Review: Gil's All Fright Diner
After a month of leafing through summary reports and skimming predictions for next year, I was tired of reading and even more weary of the idea of starting a new book that might require some effort to enjoy. So it was with relief when I came across this book and remembered I'd been meaning to read Martinez for some time now. This book was just what I was looking for: a weird quick and easy read. Because that's what it, and I suspect all of Martinez's writing, is--an amusing break, from boring repetitive routines, that doesn't require much brainpower to enjoy.
The writing is light, fast paced, and doesn't take itself or anything else seriously. It's funny at times and somewhat poignant at other times when you least expect it. The humor is not what I'd call sharp or hilarious, but it's absurd enough to carry the story through to the end and unusual enough to hold my attention. My attention span wanes easily around this time of year, so it takes some effort for me to concentrate. I tend to abandon slow-moving books while in this mood, and yet I was able to just breeze through this story with minimal effort.
Here are a few things that made this story easy breezy:
Characters: So a vampire and a werewolf walk into a diner and find themselves in the middle of an impending apocalypse... that's the joke. The punchline is this kind of thing happens all the time. Gil's Diner is the unfortunate focus of the apocalypse. The rest of the story takes off from there like a ditzy adolescent Satanist-in-training bent on opening a portal to hell.
Characterization: Each character is defined by the crazy and absurd things they do and say more than their supernatural species or physical descriptions. They're also defined by the crazy and absurd things that happen to them. Almost every character is an otherworldly creature, and yet they're very much like the crazy people you might run into every day on the street.
Absurdities: In case you don't believe how weird things can get in this story, take these things into consideration
- a diner in the middle of nowhere experiencing some otherworldly troubles
- occasional zombie ambushes
- a walk-in freezer that has a tendency to surprise
- pig Latin is revealed to be the preferred language of hell raisers
And this is just the opening chapters.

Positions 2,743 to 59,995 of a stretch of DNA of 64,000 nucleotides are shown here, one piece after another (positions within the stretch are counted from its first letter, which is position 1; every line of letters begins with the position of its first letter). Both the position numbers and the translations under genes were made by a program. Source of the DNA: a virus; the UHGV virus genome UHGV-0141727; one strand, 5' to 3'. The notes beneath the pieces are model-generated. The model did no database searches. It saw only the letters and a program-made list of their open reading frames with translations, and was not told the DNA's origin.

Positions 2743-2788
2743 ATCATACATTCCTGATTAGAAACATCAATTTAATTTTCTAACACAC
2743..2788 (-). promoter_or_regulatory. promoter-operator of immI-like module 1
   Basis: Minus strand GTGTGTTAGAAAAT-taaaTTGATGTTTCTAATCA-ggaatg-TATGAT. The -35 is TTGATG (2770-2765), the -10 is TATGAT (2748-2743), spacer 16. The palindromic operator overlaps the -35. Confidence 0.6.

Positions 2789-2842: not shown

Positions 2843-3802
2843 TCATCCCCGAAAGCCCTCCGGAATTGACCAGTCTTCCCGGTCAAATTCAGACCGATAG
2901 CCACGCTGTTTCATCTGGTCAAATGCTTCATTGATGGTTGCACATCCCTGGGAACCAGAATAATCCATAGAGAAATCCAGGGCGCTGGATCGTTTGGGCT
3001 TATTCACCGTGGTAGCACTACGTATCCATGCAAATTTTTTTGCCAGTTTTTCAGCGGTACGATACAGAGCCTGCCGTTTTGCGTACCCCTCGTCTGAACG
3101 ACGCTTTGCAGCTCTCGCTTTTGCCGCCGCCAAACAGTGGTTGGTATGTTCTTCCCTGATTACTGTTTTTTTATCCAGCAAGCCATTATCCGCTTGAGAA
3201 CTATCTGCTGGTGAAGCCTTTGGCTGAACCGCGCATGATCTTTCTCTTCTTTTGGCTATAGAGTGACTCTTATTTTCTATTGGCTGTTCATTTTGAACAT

Tone: A lot of fun. So much fun, in fact, that I'd originally mistaken this story as a tale for middle-grade readers, but the amount of gore and bloodshed that followed the first chapter made me reconsider.
Humor: Subtle, yet effective. It doesn't draw attention to itself or to all the weird things that keep happening in and around Gil's Diner. Instead, the focus of the story is on finding the culprit of the weirdness and putting an end to whatever that happen to be. The highlight of Martinez's writing is in his ability to keep the narration as close to being unintentionally funny as possible, while letting the characters, supernatural elements, and other absurdities carry the story.
Duke (the werewolf) and Kopp (the Sheriff) having a chat:
"I'm a werewolf."
Kopp went to the cooler and grabbed a soda. "Figured it was sumthin' like that."
"How'd you know?"
"Oh, I've had plenty of experience with this sort of thing. 'Bout seven years back, had an outbreak of vampire turkeys. And four years before that, Charlie Vaughn's daughter got herself possessed. And the Stillman's scarecrow took to wandering around at night and scaring the bejeezus outta the kids. Point is, Rockwood has itself an unusual history, and being sheriff means dealing with those problems."
Something something about a cult:
Kopp flipped through the purse. "Ah hell. Not another cult."
"'Fraid so," Duke confirmed.
"Another cult?" Loretta asked.
"Yeah. Seems like one pops up every couple of years. It's gotta be the heat."
"You need a movie theater," Duke observed.
"I've been trying to get a public swimmin' pool."
You don't go into a book like this expecting it to make sense or for it to provide interesting commentary or even play by its own rules. What you can expect is for a good time and a few laughs to be had and maybe for events in the story to tie up with some satisfaction at the end, which they do. This book was exactly what I needed this past weekend. I read it on and off, in between visits to and from family and friends, and I even read it while on the road, and not once did I lose interest in the story's absurdness. It was a nice break from "serious" reading and too much family time.
It didn't occur to me at the time, but now that I think about it, Martinez's writing style and sense of humor are similar to Christopher Moore, albeit Martinez's is more mouthy, profane, low-brow than Moore's. Still entertaining though. Martinez also reminds me somewhat of Douglas Adams. Fans of the Hitchhiker's Guide would definitely take a liking to Gil's Diner.